I must say that I enjoy following The Michigan Daily from afar. While I was an undergrad at the University studying in South America and North Africa, and while currently living and working in the Middle East, I fondly look toward the Daily as a window into my salad days in Ann Arbor. However, I was quite frustrated and worried by your article (The Grading Gap: Analyzing the disparities in grade distributions, 3/22/2011).

I understand the need for catchy titles and subjects that capture the attention of the student body. However, it’s important that the Daily doesn’t lead the reader or act as a tabloid. It’s clear that in “The Grading Gap” the intention was one of “Hey reader, come see the hard hitting truth about grades at Michigan!” The article claimed to show which majors were “easiest” and “hardest.” However, from the outset, this was flawed. The article and graphics (which I believe were added later on the website after publishing) claim that the criteria for “hard and easy” was based on average GPA of a major. This is inherently incorrect, and the article itself acknowledges this when the writer states “But grades aren’t always an indicator of the ease or difficulty of a class.” The article continuously stumbles over itself, caught between the tabloid-esque vision of outing the “easiest” courses and acknowledging the truth: The difficulty of a course or major is not solely linked to the average GPA of it’s students, and there are much greater variables at play.

This article had great potential. It is a fantastic idea to explore which classes and majors are the easiest. This would have made for a great piece of research and journalism. Yet, this would have taken work. The writer, or team of journalists, would have had to delve deeper into investigating course loads, time spent on course work on average, relevance of a class to the participant’s major, average grades for similar majors at various universities, etc. Additionally, I believe it would have been of interest to many students to discuss the “difficulty,” even if solely based on average GPAs, of popular majors such as political science, English, anthropology, history and a wide array of LSA departments. While this would have been the proper way to go about creating a well crafted and thoughtful article, the type that the Daily and it’s numerous Pulitzer Prize-winning alumni are known for, it appears that the paper took the “easy” way out.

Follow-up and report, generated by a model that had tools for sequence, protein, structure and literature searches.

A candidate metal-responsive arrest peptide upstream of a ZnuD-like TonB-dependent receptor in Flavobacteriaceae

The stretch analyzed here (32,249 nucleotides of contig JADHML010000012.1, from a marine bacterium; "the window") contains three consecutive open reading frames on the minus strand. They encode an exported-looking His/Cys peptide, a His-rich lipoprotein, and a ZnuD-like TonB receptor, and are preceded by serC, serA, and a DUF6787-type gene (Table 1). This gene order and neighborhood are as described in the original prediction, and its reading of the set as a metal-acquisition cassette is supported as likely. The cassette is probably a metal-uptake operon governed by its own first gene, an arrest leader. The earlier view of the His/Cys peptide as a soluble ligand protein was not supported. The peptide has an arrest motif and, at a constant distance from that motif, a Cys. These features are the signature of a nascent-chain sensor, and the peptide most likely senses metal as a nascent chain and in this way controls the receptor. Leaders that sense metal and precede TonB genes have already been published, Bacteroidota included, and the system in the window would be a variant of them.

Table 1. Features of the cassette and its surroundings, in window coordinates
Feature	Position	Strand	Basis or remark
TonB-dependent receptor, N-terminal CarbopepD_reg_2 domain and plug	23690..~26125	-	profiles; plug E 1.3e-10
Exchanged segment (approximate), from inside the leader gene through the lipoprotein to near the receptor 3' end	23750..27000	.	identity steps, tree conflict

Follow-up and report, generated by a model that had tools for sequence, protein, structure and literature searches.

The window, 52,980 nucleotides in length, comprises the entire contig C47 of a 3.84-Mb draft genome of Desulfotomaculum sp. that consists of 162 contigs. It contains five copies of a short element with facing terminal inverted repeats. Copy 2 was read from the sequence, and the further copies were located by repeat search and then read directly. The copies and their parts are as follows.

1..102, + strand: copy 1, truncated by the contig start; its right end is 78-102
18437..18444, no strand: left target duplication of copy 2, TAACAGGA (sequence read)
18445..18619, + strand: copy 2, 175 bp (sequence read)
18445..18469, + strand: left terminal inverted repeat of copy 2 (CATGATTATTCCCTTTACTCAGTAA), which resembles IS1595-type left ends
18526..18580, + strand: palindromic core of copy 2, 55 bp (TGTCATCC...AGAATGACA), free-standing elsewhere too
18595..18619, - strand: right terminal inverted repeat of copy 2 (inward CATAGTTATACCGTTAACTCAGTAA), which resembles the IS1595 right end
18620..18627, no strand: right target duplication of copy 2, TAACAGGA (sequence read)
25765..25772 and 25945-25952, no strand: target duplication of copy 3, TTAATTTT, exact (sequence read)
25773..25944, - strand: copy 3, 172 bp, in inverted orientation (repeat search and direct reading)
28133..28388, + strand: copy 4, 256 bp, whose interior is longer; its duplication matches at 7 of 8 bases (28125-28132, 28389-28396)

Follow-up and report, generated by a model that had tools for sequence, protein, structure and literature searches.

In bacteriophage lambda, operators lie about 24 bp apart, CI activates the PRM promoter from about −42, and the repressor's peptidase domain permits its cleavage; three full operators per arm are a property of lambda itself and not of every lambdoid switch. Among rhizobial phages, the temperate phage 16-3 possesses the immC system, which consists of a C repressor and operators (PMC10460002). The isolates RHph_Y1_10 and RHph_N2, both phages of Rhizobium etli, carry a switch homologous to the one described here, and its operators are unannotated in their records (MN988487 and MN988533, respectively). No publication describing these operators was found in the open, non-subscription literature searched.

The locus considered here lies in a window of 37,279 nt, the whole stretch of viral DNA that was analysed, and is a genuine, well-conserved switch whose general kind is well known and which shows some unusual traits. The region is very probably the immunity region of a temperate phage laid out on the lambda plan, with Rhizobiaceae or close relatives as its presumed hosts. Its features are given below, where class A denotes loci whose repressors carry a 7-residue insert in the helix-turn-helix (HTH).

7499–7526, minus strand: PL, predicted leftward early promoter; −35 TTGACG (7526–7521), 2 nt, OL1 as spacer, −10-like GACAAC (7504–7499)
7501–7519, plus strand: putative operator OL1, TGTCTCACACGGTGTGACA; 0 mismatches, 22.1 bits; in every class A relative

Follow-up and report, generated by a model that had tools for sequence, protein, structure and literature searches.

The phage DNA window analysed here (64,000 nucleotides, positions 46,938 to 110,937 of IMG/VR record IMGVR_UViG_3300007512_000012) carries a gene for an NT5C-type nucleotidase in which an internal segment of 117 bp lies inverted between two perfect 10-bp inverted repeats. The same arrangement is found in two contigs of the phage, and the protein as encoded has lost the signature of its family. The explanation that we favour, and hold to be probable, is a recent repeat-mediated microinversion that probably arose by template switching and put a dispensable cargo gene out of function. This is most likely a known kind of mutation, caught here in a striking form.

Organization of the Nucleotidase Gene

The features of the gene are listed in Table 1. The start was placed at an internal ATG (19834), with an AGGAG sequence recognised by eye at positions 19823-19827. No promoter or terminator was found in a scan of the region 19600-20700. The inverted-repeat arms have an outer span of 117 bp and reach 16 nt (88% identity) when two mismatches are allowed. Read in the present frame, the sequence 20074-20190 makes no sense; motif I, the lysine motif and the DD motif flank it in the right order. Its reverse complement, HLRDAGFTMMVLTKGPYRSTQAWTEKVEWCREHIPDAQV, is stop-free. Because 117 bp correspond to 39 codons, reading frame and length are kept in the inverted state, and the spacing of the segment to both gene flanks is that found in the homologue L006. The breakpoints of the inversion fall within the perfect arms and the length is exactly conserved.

I am no writer. In fact my grasp of the English language is loosening every day. I never worked on the Daily staff, and I graduated with a GPA that, according to this article, would either make my major extremely hard or make me somewhat of an underachiever (I don’t know which is true). However, I do have great pride and respect for an institution such as the Daily, and I view it as an important and tangible symbol of the University at large. For these reasons, I hope that the editors and journalists who allowed this piece to go to publishing will take more care to represent themselves, the University, the students and the Daily in a way that fits with it’s great history and future.

Gabriel Luis Manga is a University alum.

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